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DragonFly BSD: UNIX for Clusters?

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People often talk of the BSD family as "the three BSDs," meaning Free-, Net-, and OpenBSD. For the last four years, another has been making solid progress. David Chisnall looks at DragonFly BSD, the fourth major BSD.
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One of the defining features of open source communities is their tendency to fork. Anyone who wants to can take a copy of the codebase and start working on their own version. In the BSD community, the best known fork happened in October 1995, when Theo De Raadt forked NetBSD to create OpenBSD. Since then, OpenBSD has surpassed NetBSD in terms of userbase.

In 2000, the FreeBSD team branched the 5.x series in CVS and began developing it as an unstable branch. This new 5.x branch had an impressive list of proposed features: mandatory access control from the TrustedBSD project, UFS2, a new volume manager, background fsck, a dynamic devfs, and fine-grained kernel locking.

The June 2003 release, 5.1, was still nowhere near the stability expected of FreeBSD. Users had a choice of either staying with 4.8 and keeping a stable OS or moving to 5.1 for new features. Most chose to stay with 4.8. Matt Dillon, one of the FreeBSD kernel developers, decided that several of the approaches being used in the 5.x series were dead-ends, and in July 2003 forked the stable 4.x codebase to form DragonFly BSD.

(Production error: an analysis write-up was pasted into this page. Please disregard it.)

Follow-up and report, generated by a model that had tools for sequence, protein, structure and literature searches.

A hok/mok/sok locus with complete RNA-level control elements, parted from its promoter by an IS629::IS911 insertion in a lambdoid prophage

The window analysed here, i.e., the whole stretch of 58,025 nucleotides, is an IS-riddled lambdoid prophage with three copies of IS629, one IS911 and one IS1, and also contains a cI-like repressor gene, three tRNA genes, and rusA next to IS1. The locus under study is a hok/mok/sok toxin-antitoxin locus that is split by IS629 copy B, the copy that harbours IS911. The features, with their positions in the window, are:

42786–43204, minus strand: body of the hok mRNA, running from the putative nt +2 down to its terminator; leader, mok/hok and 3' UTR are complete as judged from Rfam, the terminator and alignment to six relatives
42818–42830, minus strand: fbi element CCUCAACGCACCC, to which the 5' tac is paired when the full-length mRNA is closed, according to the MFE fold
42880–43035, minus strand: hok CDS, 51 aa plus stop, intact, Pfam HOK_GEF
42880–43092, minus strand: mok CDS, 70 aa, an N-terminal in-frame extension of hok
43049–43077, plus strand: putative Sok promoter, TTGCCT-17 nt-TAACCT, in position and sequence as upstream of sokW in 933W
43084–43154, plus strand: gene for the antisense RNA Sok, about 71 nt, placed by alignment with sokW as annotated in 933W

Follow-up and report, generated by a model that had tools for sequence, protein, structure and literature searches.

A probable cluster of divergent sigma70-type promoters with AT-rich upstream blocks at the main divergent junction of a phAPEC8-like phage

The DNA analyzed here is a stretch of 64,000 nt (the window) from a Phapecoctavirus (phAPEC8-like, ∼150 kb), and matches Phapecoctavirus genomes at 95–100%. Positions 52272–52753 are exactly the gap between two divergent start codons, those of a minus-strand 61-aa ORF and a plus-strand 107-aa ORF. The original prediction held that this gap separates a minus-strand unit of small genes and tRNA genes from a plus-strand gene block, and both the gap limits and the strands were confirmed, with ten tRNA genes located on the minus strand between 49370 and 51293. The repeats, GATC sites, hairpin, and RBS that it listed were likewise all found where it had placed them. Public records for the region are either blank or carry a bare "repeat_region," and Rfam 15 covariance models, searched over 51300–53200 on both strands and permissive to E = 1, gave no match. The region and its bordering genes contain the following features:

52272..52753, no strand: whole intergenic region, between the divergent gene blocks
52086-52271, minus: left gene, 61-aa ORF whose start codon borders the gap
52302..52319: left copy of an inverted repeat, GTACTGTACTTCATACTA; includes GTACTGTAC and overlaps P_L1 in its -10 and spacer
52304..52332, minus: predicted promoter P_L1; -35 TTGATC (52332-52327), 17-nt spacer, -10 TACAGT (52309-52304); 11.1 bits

The 4.x FreeBSD Foundation meant that DragonFly has been a solid platform from the start. DragonFly, like the other BSDs, imports code from other members of the family when it makes sense, such as the malloc() security features from OpenBSD, parts of the WiFi subsystem from FreeBSD, and USB code from NetBSD. In spite of this, development has been pushed in some unique directions.

Not a Microkernel

Matt Dillon originally became known as an Amiga guru and author of the DICE C compiler for that platform. It is not surprising, then, that DragonFly would gain some inspiration from the Amiga.

The Amiga implemented inter-process communication via message passing. Because the Amiga did not have protected memory, this could be implemented by passing a pointer rather than requiring an expensive copy operation. As such, many would not class the Amiga kernel as a “pure” microkernel. In spite of this, the clear abstraction between components made the code easier to maintain and reason about.

DragonFly uses a similar model. Message passing primitives are the main interface between kernel components and between the kernel and userspace programs. Matt explained some of the rationale behind this decision:

The message passing model is used in a lot of places. The networking stack is now multithreaded, and uses the messaging interface for all communication between components. Socket function by user space programs invoke a message sending system call to pass the data into the top of the network stack, and the same mechanism is used to hand it down through the layers until it hits the network interface.

Once the packet arrives at the driver layer, things begin to look a bit more like a traditional UNIX system. Matt described the reasons for this, saying:

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